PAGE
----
- Posted January 19, 2014 by
This iReport is part of an assignment:
Photo essays: Your stories in pictures
The meaning of coming age in Japan
On that day, I was celebrated by some of my friends.
They held a party on a boat and invited me to dinner at Tokyo Skytree, which is the tallest structure in Japan.
My friend booked a rental boat which has a room they decorated.
I can clearly remember that I was very surprised when I was first stepped in the room. Many of them pulled crackers which made a big sound. We had some alcohol and did Karaoke for about 2 hours. The party was really exciting and I spent a good time there.
After that, I said “see you” to some of them at the party and went to a restaurant with others.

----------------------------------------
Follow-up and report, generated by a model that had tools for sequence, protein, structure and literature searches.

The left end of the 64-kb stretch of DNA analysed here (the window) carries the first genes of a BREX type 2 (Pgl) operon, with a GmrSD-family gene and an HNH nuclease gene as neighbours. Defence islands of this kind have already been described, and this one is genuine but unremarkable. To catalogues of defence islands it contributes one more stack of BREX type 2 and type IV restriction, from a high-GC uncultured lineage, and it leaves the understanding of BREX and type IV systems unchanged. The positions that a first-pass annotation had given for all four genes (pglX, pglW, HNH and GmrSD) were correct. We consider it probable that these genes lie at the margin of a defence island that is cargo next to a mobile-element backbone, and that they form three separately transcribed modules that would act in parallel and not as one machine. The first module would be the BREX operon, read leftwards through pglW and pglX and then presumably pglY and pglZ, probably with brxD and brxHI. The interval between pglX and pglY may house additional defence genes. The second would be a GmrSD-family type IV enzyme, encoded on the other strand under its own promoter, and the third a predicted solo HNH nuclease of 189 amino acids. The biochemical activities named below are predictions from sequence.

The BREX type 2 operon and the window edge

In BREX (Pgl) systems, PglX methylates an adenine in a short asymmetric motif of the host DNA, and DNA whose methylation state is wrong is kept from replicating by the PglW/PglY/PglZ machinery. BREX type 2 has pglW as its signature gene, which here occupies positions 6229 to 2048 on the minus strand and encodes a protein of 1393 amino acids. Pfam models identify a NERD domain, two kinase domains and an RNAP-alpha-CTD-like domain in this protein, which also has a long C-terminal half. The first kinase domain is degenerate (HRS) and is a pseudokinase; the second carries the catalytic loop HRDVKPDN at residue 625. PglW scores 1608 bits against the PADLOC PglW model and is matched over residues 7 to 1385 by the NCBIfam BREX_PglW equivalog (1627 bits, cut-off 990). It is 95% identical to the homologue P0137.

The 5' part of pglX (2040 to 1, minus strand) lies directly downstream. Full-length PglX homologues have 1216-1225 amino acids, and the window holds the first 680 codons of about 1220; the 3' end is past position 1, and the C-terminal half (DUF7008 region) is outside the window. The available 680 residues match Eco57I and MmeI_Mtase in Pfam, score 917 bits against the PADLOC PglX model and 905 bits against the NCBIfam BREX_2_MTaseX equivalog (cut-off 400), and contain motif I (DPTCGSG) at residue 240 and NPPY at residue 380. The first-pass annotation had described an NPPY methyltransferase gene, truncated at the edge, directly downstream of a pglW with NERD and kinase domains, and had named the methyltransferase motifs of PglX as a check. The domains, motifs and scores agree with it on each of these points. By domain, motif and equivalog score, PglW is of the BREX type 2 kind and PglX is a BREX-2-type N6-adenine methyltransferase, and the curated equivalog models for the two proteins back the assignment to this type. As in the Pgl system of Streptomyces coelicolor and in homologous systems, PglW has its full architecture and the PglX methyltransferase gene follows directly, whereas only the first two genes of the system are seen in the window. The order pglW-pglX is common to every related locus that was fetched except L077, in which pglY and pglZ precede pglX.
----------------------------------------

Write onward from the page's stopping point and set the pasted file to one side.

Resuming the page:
They reserved seats and a birthday cake, so I ate sushi and cake. When the cake was coming to the table they sang happy birthday to me. I appreciated their kindness. The foods tasted so good so I really enjoyed it.
But the reason I chose my 20th birthday for the best event of 2013 is not only this one.
Actually, in Japan, turning 20 is treated in a special way because things such as drinking, smoking and voting are officially allowed from this age. There is also a coming of age ceremony which is a unique Japanese tradition held every year. All people turning 20 return to their hometown and attend these ceremonies in which mayors declare them adults and encourage them in their future.
Because of this, most Japanese consider one’s 20th birthday as becoming an adult. When I was younger I felt the same way.
The atmosphere of the ceremony affected me because I felt the sense of achievement.
I can't say precisely what it was I felt but it certainly marked a stage in my life so that's why I nominate this moment as the best one of 2013.